I have a script that is running on a terminal and it prints some output. I want to send it to the background without pressing a key (and without script modification) after 5 seconds, for example. Something like a bash script that start my script, sleeps for some time and send the running app to background. I don't care about output once it has gotten into the background.

UPD: What DOESN'T works:

  • nohup
  • Usage of & after script - it send it to background immediately while output still going to terminal (that is what I want to avoid)
  • Have you tried anything? you can simply use "&" to send a job in the background, "sleep 5" to wait for 5 sec and put it together in a shell script. – Pacifist Sep 10 at 6:28
  • 3
    yes, use sleep(5) && bg to push it to the background – dustblue Sep 10 at 6:39
  • @Pacifist_AWS it doesn't work: npm start& sends to background but next usage of sleep doesn't make sense - it is ALREADY in background. My question is about start app and after 5 seconds send it to background that is different. – Alex G.P. Sep 10 at 11:01
  • @dustblue thank but how can I use it? For instance I running npm start - once it started I cannot enter anything to console - no prompt. If I put sleep/bg before start it obviously waits for 5 seconds and sends nothing to background. – Alex G.P. Sep 10 at 11:03

There are no non-hacky ways to redirect the output of another process elsewhere [1], but if a) you don't plan to ever bring your process back to foreground and b) are OK with another process (a light-weight cat) also running for the whole time your program runs, this may do:

{ your_program ... & } | (trap : INT; cat & sleep 5; kill $!; cat >/dev/null &)

You may want to redirect both the stderr and stdout of your program into the pipe with your_program 2>&1.

[1] the possible hacky way being to attach with a debugger to it and redirect its output from inside it.

  • It looks like black magic but seem it exactly what I am looking for. Thank you. – Alex G.P. Sep 10 at 18:28
  • feel free to ask if anything is unclear; the trap : INT's purpose is to make a ^C kill just the sleep 5, not the whole (...) subshell, which would cause the output of your_program to continue to go through the 1st cat, instead of switching to the 2nd cat >/dev/null. (your_program & and cat & will not be killed by a ^C). – mosvy Sep 11 at 23:13

Now I see a big misunderstanding: I thought the job should start in foreground and change to the background magically after 5 seconds, and output doesn't matter. With this answer though, output continues...Q seems to equal "background" with "no output". Well this is interesting anyway:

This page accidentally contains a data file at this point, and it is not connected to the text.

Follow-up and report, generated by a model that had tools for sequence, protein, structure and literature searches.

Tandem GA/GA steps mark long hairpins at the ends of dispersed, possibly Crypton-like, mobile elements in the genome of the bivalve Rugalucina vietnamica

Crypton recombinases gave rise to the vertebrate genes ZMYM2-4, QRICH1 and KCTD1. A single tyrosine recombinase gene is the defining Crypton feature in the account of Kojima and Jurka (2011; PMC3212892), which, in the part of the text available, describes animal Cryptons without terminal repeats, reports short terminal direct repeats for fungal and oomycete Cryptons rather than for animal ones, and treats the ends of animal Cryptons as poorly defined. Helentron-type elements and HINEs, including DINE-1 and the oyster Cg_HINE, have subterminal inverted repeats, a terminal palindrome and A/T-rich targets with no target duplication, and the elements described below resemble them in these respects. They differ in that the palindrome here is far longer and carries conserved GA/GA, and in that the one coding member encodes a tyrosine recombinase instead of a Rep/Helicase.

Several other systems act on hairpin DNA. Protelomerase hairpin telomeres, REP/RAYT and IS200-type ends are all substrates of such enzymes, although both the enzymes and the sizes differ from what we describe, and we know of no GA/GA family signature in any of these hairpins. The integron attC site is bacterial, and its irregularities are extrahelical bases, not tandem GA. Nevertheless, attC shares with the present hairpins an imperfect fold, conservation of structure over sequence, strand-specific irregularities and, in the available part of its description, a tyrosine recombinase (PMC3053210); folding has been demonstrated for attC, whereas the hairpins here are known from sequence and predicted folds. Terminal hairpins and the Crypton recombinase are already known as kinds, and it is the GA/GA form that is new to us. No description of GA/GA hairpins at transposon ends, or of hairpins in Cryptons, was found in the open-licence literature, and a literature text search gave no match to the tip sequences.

With this helper script 'suspender'...

sleep 1
pid=$(pidof -x counter.sh)
sleep 3
kill -s STOP $pid
sleep 1
kill -s CONT $pid

...I can suspend a script called 'counter.sh' and make it restart in the background. The call is:

./suspender & ./counter.sh

"Suspender" starts in the background and waits a aecond until counter is running. It gets the pid and waits 3 seconds (the delay as requested). The STOP signal corresponds to ctrl-Z, CONT to bg. The sleep between is necessary.

Counter is a program you want to watch a few seconds and often ctrl-c it. After five seconds it should free the prompt. Output doesn't matter. This just prints 10 numbers, getting slower.

for i in {1..10}
  sleep $i; echo $i

With the job control messages and the output continuing this does not feel too nice.

Before the suspend-resume-in-bg action you can stop the script with ctrl-c, and afterwards you can use the prompt. It almost makes sense...


You can create a .desktop configuration file, and link it with the bash file. By this, you can execute the shell file, and it won't open up in the terminal. Just be sure to change the Terminal=True to Terminal=False To not open in the terminal. Type the below in a file called "anyfile.dekstop" and make it executable (right click - properties - allow executing file as program)

[Desktop Entry]


Exec="path to your executable file or .sh file"



Comment=ANy comment





Icon=any icon link

  • I am asking for terminal solution, bash script. – Alex G.P. Sep 10 at 11:03

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